Environmental Fate and Behaviour
The UK has left the EU, new rules from January 2021
The transition period after Brexit comes to an end this year.
'Understanding the interacting processes that control the environmental dynamics of pesticides is essential in order to maximise their effectiveness while minimising the risk of environmental contamination.'
Proceedings of the British Crop Protection Council, 2001
Environmental fate and behaviour of pesticides can be thought of simplistically as the effect that the environment has on the pesticide, and where the pesticide and its breakdown products go in the environment after application.
Three key elements to assessing the potential environmental contamination from the pesticide are:
- Assess the routes and rates and dissipation of an active substance (a.s.) and its metabolites
- Assess the mobility/transport of the a.s. and metabolites in the environment
- Determine the likelihood and levels of exposure in the various environmental compartments from the proposed use(s)
For authorisation of plant protection products within the European Regulatory system, the data requirements were first defined in Commission Directive 95/36/EC of 14 July 1995 amending Council Directive 91/414/EEC (see under M6 for specific fate and behaviour requirements). Plant protection products are regulated in the EU by Regulation (EC) No 1107/2009, which repealed and replaced Council Directive 91/414/EEC on 14 June 2011.
Environmental fate and behaviour data requirements under Regulation (EC) No 1107/2009 are as follows:
- Active substance data requirements are presented in Regulation (EC) No 283/2013 with data requirements as well as test methods and guidance documents.
- Product data requirements are presented in Regulation (EC) No 284/2013 with data requirements as well as test methods and guidance documents.
The information presented on this website, in conjunction with the information on other sites, is intended to assist applicants with applications for authorisation of Plant Protection Products in the UK with reference to the EU framework in the field of environmental exposure. The information relates primarily to agricultural, horticultural and home garden pesticides (also known as plant protection products). Applicants are advised to contact the HSE's Chemicals Regulation Division (CRD) for guidance to address fields of use or applications not covered by the available guidance or risk assessments at community level. Non-agricultural (public hygiene) pesticides and biocides are also the responsibility of CRD. However, information about these products is held on the biocides website.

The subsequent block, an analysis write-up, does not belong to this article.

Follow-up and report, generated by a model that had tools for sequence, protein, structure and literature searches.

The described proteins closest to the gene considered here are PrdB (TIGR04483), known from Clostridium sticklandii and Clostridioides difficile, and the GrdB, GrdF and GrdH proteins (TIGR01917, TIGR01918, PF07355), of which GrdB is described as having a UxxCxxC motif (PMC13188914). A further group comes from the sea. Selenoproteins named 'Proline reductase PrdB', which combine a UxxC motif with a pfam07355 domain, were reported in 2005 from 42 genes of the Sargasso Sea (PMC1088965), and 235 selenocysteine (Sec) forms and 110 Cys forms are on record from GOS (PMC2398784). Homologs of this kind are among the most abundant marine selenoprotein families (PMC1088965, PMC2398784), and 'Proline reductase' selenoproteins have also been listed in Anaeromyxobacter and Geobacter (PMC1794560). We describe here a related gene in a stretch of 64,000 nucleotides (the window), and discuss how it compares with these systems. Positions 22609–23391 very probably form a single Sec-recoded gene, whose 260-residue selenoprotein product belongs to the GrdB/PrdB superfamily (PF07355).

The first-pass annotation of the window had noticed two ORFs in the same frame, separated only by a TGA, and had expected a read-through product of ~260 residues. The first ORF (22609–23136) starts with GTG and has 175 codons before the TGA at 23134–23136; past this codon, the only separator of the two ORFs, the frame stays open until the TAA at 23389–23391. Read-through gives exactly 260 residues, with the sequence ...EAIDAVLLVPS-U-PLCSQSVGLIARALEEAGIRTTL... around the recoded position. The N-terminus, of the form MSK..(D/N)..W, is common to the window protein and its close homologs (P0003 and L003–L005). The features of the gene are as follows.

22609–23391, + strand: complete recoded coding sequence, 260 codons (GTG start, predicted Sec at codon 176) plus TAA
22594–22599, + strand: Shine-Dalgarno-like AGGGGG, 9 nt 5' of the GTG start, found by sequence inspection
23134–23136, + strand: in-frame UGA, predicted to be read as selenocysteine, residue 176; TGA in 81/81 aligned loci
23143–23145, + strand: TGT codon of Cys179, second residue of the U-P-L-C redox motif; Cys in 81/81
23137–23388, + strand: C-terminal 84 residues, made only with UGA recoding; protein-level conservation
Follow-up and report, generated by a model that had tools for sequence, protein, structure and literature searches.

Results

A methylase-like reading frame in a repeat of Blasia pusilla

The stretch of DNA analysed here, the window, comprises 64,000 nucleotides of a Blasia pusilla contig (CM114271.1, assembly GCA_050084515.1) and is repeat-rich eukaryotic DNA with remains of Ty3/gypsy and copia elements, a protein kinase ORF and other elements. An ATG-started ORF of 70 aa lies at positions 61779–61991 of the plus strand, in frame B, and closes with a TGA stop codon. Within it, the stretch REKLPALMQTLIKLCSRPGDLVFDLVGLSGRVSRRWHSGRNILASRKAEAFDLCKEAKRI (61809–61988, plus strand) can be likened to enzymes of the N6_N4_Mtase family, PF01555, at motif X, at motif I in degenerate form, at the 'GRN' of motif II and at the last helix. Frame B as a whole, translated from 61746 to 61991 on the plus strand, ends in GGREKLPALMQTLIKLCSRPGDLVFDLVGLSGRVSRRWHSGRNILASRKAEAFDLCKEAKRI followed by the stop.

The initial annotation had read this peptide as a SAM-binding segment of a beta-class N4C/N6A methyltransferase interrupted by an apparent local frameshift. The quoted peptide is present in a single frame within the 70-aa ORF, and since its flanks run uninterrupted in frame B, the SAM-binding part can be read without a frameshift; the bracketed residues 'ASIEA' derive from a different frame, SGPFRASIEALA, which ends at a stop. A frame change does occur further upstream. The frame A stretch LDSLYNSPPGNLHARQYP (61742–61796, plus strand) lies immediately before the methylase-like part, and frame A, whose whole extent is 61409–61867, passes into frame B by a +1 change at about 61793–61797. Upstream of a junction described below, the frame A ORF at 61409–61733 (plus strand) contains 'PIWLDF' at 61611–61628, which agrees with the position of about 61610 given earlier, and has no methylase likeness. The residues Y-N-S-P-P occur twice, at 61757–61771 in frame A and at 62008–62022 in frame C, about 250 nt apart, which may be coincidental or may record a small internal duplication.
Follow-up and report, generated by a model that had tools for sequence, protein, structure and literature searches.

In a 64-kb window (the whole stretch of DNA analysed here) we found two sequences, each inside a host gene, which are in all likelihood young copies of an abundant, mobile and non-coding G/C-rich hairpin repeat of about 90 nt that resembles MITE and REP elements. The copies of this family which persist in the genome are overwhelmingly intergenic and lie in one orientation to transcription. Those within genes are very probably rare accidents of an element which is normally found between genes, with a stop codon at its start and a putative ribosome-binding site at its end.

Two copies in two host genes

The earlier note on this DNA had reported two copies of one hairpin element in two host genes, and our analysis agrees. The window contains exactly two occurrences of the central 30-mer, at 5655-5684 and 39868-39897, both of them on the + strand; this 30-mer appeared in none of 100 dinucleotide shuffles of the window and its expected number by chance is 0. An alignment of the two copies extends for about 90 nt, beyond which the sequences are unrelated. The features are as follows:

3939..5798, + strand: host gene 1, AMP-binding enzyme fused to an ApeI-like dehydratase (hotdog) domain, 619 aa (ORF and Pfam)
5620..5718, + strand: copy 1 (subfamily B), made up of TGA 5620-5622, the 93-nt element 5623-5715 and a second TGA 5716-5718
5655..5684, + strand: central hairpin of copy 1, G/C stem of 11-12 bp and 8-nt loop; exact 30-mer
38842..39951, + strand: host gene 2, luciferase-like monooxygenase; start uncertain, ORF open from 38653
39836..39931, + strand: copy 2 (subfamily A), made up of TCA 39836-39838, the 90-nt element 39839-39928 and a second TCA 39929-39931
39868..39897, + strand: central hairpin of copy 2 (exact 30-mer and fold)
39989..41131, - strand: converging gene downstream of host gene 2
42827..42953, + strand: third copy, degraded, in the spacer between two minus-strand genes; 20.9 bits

Applicants are advised to consider ALL the available guidance when preparing submissions, but applicants are invited to contact CRD if they have questions which cannot be answered by the available guidance. HSE's Chemicals Regulation Division (CRD) contact details are found here.
The output from the fate and behaviour assessment is used to inform risk assessments performed by other specialist evaluators (for example ecotoxicology and consumer exposure). These outputs are typically Predicted Environmental Concentrations (PEC's) in soil, surface water (water and sediment), groundwater and air.
A number of environmental exposure modelling tools and guidance documents for use in the EU have been produced by the FOCUS initiative, (FOrum for the Co-ordination of Pesticide Fate Models and their USe) whose goal has been to develop standardised worst-case scenarios, relevant to EU agriculture, for use with computer modelling, to provide exposure estimates in various environmental compartments.
The UK approach has evolved following much UK Research & Development Research and Development in this area.
Further information to guide applicants in providing suitable exposure calculations for Plant Protection Products in the range of Environmental compartments considered may be found by following the links below. A link is also provided to a range of Excel models to assist in PEC calculations.
List of all Fate and Behaviour guidance pages
- Additional information
- Risk Envelope Suitability
- Summary of New Guidance
- Aged Sorption Guidance
- Surface Water and Sediment
- Active substance PECsw calculations (for UK specific authorisation requests)
- UK surface water exposure from spray drift
- PECsw / sed via drainflow - UK first tier
- Webfram: higher tier refinement of drainflow exposure
- Higher tier drainflow from MACRO
- Active substance and metabolite PECsw calculations (for EU and Zonal specific authorisation requests)
- Combined Risk Assessments
- Environmental Fate Models
- Environmental Fate Research Reports
- Environmental Fate - Don't forget!